How to Craft Hyper-Relevant Email Sequence for Perfect B2B Outreach

By Ahmad AlNaimi, Founder @

B2B cold email outreach is tough. The product is usually complicated and the benefits are not easy to conclude. You could spill it out all in a single email, but odds are you will get the silence treatment. The average corporate email inbox will send or receive 112 emails per day and nobody enjoys reading a wall of text from a stranger.

So how do we convey value? slide decks. Personalized, relevant, informative slide decks for each lead in your campaign. supports multi-stage mail merge for PowerPoint, and there’s a free version available here. It’s exactly as easy as personalizing the body of your email in a mail merge campaign.

Account Based Sales Development (ABSD) advocates for multi-touchpoint email sequence with “hyper-relevant” content that is specific to your accounts’ industry and use case. Below is a simple, three-stage email sequence to implement this approach and up your game to the next level: introduction, ROI, and nudge.

Email #1: the introduction
Making the right first impression is immensely important. A strong first email must score high on three dimensions: comes from a thought partner, structured and to the point, and hits the right levers of influence.

  • Thought partner, not transactional: As much as it hurts, most of your leads will dismiss your email the second they find out that they’re part of a mass email campaign. Wrapping your links with “Yesware” redirects, links to PDFs instead of real attachments, and “via Sendgrid” will not help your case.

    Instead, consider CCing one of your colleagues and include real attachments. Consider dropping the link tracking, which wraps your links with redirects; measuring email opens and email replies are usually good enough metrics.

  • Structured and to the point: Start with the ask. My favorite is a short first paragraph, no more than two lines, and ends with a question mark. The Pyramid Principle is a great guide on structure in writing and thinking.

    Avoid walls of text. If you have a lot of things you want to convey, consider including a product brief in the attachment and point out to the right sections from the body of your email.

  • Hit the levers of influence: People like those who are similar to them. They listen to those who are authoritative. Couple compliments doesn’t hurt. For example, sentences like “we seem to be highly aligned around X and Y”, dropping the name of your largest customer, and complementing their latest product strategy are all good practice. Chaldini’s book on Influence lists six principles which are all valuable as a checklist.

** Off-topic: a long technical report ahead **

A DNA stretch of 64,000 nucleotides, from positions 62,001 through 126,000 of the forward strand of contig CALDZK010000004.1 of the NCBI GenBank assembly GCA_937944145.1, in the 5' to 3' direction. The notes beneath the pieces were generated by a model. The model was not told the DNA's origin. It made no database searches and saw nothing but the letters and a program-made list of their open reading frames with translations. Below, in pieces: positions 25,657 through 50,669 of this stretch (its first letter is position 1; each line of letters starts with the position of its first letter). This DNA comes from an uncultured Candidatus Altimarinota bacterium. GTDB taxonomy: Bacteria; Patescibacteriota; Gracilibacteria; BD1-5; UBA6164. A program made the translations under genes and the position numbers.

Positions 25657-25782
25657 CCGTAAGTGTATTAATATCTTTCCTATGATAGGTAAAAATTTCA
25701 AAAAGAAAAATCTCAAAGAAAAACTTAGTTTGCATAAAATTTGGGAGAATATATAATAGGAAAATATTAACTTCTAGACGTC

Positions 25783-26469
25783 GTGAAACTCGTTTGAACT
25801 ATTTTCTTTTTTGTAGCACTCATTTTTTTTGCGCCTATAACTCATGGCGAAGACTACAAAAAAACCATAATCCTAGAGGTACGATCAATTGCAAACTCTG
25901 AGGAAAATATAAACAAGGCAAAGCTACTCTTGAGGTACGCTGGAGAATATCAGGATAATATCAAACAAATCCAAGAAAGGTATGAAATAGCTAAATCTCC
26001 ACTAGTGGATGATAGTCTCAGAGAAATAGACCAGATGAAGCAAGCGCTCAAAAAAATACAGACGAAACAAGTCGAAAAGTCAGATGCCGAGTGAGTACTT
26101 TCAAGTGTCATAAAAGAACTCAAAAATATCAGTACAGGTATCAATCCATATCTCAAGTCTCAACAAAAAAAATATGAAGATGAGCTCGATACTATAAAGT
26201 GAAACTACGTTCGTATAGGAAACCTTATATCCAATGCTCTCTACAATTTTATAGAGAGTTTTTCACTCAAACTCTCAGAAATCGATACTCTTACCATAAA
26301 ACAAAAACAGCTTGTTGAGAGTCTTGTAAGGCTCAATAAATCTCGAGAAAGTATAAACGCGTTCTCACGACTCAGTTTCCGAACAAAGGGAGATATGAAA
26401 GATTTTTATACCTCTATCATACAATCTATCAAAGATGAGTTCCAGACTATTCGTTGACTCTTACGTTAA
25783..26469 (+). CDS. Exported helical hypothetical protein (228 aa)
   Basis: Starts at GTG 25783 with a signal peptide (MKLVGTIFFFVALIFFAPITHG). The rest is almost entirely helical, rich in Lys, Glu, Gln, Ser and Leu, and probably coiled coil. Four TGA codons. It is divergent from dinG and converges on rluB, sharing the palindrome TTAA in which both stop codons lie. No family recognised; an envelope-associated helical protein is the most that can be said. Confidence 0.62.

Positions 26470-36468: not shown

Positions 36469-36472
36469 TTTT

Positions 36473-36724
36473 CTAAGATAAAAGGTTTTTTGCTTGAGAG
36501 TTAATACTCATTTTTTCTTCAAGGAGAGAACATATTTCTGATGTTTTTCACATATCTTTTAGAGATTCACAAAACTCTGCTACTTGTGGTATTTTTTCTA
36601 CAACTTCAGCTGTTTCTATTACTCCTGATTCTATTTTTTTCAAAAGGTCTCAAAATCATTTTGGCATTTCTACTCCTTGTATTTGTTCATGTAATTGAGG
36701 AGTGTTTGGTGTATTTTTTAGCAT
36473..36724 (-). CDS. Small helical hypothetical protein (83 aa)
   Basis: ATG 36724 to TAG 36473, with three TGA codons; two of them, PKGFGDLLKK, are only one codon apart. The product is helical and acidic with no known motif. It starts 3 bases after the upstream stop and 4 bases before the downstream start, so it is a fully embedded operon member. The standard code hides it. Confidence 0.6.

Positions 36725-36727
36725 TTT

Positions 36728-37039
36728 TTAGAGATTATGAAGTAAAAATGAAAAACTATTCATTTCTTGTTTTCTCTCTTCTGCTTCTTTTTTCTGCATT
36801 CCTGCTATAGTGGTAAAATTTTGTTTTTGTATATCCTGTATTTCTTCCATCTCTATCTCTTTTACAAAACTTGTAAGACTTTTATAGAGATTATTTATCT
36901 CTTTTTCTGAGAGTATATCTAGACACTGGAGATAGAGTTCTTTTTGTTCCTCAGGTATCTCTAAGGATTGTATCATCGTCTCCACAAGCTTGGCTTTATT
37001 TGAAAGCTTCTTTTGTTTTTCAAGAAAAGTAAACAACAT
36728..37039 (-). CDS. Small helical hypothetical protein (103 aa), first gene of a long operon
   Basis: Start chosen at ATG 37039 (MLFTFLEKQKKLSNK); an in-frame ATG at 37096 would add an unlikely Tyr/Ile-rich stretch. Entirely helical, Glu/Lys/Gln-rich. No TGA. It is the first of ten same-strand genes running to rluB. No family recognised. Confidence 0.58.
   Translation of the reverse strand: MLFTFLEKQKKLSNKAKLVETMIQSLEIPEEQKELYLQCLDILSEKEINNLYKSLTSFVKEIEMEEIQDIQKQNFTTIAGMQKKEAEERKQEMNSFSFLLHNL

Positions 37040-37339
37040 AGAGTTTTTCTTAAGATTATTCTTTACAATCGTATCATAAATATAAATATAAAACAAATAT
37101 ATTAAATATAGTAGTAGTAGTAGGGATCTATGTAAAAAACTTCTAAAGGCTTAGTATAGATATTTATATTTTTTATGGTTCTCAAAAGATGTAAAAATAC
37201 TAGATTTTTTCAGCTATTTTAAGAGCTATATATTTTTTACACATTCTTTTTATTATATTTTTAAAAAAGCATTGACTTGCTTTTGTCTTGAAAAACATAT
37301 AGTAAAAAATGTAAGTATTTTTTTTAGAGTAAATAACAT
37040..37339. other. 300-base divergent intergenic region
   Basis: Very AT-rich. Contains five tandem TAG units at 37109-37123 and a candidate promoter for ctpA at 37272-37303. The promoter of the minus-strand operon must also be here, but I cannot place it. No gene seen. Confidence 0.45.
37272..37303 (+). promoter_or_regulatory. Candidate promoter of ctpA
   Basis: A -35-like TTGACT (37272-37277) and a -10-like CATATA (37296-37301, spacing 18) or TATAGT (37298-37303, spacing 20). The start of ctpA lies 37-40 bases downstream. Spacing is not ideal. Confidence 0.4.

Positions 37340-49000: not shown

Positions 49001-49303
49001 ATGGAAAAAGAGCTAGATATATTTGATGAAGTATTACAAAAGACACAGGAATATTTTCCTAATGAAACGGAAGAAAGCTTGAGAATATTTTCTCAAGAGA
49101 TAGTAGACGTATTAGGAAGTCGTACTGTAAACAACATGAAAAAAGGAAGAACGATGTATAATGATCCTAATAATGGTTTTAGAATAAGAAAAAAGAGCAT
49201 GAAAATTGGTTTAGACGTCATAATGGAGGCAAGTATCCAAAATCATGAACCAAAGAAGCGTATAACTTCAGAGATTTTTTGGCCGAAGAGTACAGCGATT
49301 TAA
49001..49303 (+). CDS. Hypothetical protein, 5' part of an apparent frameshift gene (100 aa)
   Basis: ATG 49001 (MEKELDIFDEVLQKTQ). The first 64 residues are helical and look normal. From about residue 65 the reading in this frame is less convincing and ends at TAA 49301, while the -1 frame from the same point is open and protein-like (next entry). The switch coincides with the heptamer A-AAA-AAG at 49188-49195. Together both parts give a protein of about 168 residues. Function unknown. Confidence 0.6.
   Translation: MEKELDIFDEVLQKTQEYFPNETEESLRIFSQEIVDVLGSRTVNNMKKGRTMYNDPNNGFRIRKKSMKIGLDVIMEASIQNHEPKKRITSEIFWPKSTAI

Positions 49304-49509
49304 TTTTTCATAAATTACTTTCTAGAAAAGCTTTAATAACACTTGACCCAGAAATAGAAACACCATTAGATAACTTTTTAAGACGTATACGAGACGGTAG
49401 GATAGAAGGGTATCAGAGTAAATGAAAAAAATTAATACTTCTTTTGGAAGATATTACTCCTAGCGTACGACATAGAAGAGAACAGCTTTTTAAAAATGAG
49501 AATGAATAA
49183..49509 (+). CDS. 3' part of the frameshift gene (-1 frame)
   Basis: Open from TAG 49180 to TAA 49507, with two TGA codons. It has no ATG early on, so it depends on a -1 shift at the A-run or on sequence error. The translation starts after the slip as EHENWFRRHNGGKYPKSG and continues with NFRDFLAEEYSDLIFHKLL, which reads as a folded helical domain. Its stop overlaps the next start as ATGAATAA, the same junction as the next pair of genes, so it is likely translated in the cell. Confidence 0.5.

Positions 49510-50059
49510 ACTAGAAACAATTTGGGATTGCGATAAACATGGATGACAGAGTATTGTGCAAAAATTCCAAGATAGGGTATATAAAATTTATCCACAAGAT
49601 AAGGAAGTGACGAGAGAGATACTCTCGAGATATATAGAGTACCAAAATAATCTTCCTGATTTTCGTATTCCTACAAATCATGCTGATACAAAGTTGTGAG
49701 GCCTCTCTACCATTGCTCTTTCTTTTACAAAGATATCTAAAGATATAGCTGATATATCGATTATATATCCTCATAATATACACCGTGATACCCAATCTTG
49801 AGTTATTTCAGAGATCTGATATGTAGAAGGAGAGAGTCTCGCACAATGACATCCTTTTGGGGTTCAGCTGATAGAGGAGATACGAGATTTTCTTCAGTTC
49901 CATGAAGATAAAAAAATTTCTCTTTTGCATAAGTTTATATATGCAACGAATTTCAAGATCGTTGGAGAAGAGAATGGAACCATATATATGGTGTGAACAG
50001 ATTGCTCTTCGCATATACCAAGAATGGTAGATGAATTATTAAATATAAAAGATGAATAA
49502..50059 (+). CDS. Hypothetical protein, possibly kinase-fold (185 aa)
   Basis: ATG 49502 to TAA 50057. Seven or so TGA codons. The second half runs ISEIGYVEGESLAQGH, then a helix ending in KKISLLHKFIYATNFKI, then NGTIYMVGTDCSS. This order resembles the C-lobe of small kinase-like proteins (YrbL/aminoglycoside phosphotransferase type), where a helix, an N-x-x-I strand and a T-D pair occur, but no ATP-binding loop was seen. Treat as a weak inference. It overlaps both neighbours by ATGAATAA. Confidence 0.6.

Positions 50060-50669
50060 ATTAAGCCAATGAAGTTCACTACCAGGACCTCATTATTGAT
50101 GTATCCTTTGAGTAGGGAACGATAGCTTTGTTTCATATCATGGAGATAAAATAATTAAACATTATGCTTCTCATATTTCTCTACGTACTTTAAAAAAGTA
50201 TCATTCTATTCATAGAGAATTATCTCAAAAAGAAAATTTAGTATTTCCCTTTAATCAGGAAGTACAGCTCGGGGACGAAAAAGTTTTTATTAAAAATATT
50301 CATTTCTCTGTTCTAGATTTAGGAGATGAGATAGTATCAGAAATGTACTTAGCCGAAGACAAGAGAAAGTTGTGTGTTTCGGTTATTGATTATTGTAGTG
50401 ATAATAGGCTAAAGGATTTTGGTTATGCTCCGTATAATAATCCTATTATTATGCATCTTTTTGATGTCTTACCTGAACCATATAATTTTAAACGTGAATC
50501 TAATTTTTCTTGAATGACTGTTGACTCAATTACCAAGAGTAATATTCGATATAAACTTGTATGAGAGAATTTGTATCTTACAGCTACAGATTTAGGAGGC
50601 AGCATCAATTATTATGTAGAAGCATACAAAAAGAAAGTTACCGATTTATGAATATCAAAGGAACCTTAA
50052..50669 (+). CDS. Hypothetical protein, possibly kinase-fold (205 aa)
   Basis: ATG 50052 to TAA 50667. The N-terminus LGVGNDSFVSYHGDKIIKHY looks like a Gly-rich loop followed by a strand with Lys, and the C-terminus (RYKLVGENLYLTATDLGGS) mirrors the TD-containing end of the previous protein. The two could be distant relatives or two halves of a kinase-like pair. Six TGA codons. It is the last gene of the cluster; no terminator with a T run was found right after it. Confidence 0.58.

Email #2: the ROI deck
This is the whole reason for writing this post. There’s a high likelihood that your lead received several emails that day with “can I get you on the phone?” pitches. This is an opportunity to stand out from the noise by giving them a personalized slide deck which conveys what you want to say and signals how much you care. allows you to create those slide decks and deliver them en masse within your mail merge campaign. See this page for more details.

This is your time to shine. Any B2B product will either help them make money or will help them save money. Given this fact, I recommend a short ROI deck that quantifies either or both of those benefits to your lead, and frame the value to their world, with numbers.

If your product adds value then you should be able to measure that value. It doesn’t have to be exact figures, but at least a range or a way to reduce uncertainty.

For example, let’s say you’re Dwight Schrute and you’re selling paper. Your product will save your customer money without compromising quality or service. Let’s quantify that value: let’s say a single paper you sell is $0.04, whereas the industry average is $0.06. Studies show that the average corporate employee in the US consumes 10,000 papers annually (figure is from a quick google search, I can’t believe it either!).

If your lead is a Director of Procurement at Acme Inc, and Acme Inc has 5,000 desk employees, then they will save:

Current Expense = 5,000 x 10,000 x 0.06
New Expense = 5,000 x 10,000 x 0.04
Savings = $1,000,000 (annually)

You can customize a PowerPoint slide deck to include those variables exactly like how you would in a mail merge campaign. Here’s a crude example template ROI slide deck. This tool will allow you to generate those slides for free and you can send them out manually. Alternatively, you could use which will send it automatically, as part of a mail merge sequence.

Email #3: the nudge
At this point, a lead would have not responded to your email either because 1) they do not have the pain points/your pitch didn’t strike a chord, or 2) they’re busy. In both situations it is better to (reasonably) delay your “nudge” message until you can replace it with product update/refined pitch or give them a chance to reconsider you when they have the time to do so.

Where to take it from here is up to you. A good salesperson would not let go until they hear a resounding no. I like to keep a list of “passive” prospects, categorized and ready to go, and revisit that list whenever we have a major upgrade that might be relevant.

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